The hardest part of searching for information online is filtering what’s useful and what’s not. Social media is noisy, there’s information everywhere, and critical thinking skills are now more essential than ever. No surprise that website design myths are born.
As a fairly active social media user, I’ve read a LOT of things this year. Some of them were useful, some were thought-provoking, and some others open to debate. But there was also a lot of misleading and inaccurate information, especially about one of my favorite topics: website design.
Some of these myths still live because they’re propagated. Not everyone who spreads them has bad intentions, and that’s why it’s so important to do our own research too.
Don’t just take my word for it. One way to develop your own critical thinking is to question everything and seek actively new perspectives — and the most important part, test! Never stop testing. What works for others might not work for you.
Without further ado, here are three website design myths that didn’t die in 2019.
Website Design Myth #1:
You don’t need a fancy website
I know what you’re probably thinking. “Fancy” is really subjective. I’m only using this sentence as an example because it kept being used on several Facebook ads this year and most of the time, within a misleading context.
It is true that having a pretty website would be useless if you didn’t take into account several other factors. But what I’ve actually found is that “fancy website” doesn’t always refer to appearance but also complexity and even functionality.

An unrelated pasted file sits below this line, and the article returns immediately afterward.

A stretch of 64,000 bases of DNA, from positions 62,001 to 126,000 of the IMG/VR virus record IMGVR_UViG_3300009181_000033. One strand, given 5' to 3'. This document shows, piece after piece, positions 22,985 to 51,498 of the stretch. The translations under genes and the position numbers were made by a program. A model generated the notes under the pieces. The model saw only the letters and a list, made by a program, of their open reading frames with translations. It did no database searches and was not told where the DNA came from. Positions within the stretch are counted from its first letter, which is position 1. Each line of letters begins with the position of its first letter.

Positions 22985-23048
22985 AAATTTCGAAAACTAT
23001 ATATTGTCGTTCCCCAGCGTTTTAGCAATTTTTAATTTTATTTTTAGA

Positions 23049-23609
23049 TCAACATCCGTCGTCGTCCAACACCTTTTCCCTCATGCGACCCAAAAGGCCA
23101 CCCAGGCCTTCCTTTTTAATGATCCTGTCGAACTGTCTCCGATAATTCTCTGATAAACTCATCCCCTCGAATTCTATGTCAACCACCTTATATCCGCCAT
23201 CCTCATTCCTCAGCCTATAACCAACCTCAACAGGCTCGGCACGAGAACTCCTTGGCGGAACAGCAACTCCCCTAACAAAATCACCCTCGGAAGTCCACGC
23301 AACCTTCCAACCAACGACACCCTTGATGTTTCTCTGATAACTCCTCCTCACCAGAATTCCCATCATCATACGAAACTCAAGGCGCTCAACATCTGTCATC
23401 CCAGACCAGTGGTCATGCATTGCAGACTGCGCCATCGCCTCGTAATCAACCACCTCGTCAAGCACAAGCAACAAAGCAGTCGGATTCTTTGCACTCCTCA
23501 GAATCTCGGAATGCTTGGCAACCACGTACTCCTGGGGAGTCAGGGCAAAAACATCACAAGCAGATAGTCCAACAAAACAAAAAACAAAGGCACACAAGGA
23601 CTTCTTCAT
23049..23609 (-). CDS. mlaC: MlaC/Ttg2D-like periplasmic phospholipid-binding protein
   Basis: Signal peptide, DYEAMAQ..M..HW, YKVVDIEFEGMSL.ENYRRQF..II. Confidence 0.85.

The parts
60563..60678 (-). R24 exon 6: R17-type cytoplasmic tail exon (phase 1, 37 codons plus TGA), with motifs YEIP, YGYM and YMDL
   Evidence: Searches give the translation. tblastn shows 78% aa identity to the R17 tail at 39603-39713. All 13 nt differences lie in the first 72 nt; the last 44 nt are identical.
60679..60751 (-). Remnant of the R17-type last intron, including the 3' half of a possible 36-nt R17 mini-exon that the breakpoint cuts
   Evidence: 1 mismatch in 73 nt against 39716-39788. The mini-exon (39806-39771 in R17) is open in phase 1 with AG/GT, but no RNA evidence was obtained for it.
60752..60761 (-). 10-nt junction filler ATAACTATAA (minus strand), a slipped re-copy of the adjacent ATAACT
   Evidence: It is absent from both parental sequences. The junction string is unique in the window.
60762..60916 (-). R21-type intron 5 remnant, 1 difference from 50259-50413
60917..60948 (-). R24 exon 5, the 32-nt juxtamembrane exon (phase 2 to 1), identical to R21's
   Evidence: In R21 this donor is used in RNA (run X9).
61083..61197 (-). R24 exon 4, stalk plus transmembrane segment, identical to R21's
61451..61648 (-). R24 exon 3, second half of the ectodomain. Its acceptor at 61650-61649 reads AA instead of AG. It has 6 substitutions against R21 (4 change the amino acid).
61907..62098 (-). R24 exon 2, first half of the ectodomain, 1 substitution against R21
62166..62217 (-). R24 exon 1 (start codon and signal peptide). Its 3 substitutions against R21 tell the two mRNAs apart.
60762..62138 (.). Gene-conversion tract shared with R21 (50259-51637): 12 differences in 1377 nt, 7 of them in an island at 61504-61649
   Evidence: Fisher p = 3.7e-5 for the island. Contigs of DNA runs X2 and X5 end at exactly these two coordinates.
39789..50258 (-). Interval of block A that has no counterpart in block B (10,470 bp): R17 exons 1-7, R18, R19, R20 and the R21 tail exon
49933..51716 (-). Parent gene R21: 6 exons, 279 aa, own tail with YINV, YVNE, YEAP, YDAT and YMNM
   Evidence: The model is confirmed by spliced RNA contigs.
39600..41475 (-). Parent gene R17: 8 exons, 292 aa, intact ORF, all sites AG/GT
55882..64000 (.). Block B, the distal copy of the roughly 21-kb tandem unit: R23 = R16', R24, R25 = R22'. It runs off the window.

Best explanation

Here are the main interpretations for the “fancy website” term:
a) Associating fancy to complex:
This is a dangerous association because many ads and posts I’ve read were implying you should skip strategy and research. Some would suggest you have a basic website up without any prior thought or strategy, and others would tell you that you don’t even need a website. I’m not going to discuss whether you should have a website or not, but if you’re going to invest in building a website that isn’t going to work for you and your business goals, then you’re better off not having a website at all.
Now, I’m all for lean methods but tracking your website’s user behavior isn’t a replacement for previous research. If you don’t have the foundations, you run into the risk of spending money, time and other resources on things that won’t help you accomplish your business goals.
There’s a right association for this “complex” term though: It’s the MVP (Minimum Viable Product) concept, and it’s about focusing on the needs of your users instead of overloading your website with useless features. Again, this requires research and a deep understanding of your user goals.
“You don’t need a fancy website” can be right within a certain context, but the way the story is told is, most of the time, inaccurate.